Afghan evacuees kept on planes for hours at Dulles while being screened

Afghan refugees arrive at Dulles International Airport outside of Washington, D.C.
Getty Images

Afghan evacuees who have arrived at Dulles International Airport in Northern Virginia after fleeing the Taliban have waited on planes for more than 10 hours while being screened and processed by U.S. officials. 

The wait times, which were first reported by The Wall Street Journal, come as the U.S. government is faced with taking in tens of thousands of Afghan families, with officials saying that “just under 7,000” had arrived in the U.S. as of Friday.

The Journal initially reported Thursday that Afghan refugees were sitting on planes stacked up on the Dulles tarmac for up to 10 hours, though two people familiar with the situation told The Washington Post on Friday that some passengers have waited on recent arriving flights for nearly 12 hours. 

Pentagon press secretary John Kirby said in a press briefing Friday that he was aware of the reports on long processing times, noting, “they have proven accurate in the last couple of days.”

He went on to say that it was “really more an issue for Customs and Border Patrol and the process,” but added that officials by Friday morning had “worked through the difficulties and we believe that wait time now upon landing is going to get much, much shorter.”

White House press secretary Jen Psaki said in a separate briefing Friday that the long wait times could be explained by the specific requirements of the U.S. screening process. 

“Certainly, we are always working to improve the conditions for people who are coming to the country,” she explained. “But I think the important context here is why that is.”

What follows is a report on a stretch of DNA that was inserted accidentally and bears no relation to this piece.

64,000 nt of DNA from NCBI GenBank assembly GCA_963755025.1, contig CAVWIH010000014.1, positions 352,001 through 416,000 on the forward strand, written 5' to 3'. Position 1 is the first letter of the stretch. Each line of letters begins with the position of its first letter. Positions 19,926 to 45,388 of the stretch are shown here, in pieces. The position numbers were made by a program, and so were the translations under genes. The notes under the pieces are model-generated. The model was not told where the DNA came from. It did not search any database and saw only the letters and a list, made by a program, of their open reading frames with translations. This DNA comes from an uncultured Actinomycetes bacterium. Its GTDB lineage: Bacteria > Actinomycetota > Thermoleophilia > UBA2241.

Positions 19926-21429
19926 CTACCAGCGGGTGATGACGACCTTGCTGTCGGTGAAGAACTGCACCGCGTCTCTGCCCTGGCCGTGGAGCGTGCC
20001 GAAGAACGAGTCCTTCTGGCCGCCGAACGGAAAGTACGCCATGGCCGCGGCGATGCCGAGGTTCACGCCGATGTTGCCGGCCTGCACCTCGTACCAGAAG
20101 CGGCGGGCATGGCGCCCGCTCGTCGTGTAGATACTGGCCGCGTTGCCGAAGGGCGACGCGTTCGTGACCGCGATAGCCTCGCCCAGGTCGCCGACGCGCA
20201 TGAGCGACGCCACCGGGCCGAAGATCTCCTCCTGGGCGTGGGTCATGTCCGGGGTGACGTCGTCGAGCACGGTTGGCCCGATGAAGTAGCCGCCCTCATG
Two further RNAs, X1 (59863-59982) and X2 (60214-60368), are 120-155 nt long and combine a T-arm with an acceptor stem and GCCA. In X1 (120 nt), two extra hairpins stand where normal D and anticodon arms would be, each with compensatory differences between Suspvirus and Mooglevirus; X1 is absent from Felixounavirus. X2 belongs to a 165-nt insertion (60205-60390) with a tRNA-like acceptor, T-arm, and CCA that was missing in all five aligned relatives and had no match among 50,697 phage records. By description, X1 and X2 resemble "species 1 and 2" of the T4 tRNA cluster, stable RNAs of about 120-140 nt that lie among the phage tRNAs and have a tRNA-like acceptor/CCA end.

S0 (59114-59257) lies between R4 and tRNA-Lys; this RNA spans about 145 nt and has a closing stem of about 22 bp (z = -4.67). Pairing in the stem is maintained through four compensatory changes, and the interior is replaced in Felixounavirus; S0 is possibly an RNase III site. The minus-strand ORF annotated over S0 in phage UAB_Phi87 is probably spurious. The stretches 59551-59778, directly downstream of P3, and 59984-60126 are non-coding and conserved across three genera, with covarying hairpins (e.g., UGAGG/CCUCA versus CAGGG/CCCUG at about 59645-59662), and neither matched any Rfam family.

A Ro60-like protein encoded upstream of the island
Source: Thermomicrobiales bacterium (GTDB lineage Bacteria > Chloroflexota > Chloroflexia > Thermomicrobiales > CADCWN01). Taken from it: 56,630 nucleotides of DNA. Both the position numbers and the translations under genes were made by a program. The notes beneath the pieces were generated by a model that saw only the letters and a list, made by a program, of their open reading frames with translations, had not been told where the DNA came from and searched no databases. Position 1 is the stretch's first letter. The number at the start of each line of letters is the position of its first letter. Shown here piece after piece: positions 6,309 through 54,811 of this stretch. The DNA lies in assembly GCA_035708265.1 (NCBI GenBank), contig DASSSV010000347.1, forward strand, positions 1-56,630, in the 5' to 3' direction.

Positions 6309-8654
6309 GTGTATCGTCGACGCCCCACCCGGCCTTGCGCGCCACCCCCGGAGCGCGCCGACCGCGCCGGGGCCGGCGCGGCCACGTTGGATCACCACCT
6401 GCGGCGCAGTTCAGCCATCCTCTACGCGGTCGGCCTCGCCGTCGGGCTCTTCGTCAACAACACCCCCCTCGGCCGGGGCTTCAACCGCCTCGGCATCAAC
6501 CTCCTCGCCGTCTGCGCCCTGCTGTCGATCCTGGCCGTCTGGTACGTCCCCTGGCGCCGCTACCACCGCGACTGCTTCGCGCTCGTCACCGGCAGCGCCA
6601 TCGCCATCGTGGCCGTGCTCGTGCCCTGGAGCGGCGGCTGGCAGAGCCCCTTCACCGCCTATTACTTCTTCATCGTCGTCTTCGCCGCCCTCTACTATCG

“And that is because our security vetting process is so thorough that even as people are vetted before they come — they go through a background check before they come — we implement multiple layers of checks, including a confirmation, in some cases, on landing,” she said. 

“In a limited number of cases… we have vetting processes that may be unresolved,” Psaki added. “Very limited, but that may lead to, at times, a delay in individuals being held on plane… so that we can have that process seen through.” 

As of Friday, the U.S. military had evacuated a total of about 111,000 people from Afghanistan since the end of July, including roughly 12,500 people on Thursday, the same day ISIS-K conducted a suicide bombing attack on the Kabul airport, killing 13 U.S. service members and at least 170 Afghan civilians.

President Biden has remained firm in sticking to his Aug. 31 deadline to complete all U.S. military evacuations of Americans, as well as Afghan civilians who qualify for Special Immigrant Visas (SIVs). 

The Pentagon said Friday that it had added three additional U.S. military bases to the list of installations being used to temporarily house Afghan refugees in the U.S., with a total of seven locations having the capacity to hold up to 50,000 Afghans and their families.

Tags Afghanistan evacuations Dulles International Airport Jen Psaki Joe Biden Military Taliban The Wall Street Journal The Washington Post Virginia
See all Hill.TV See all Video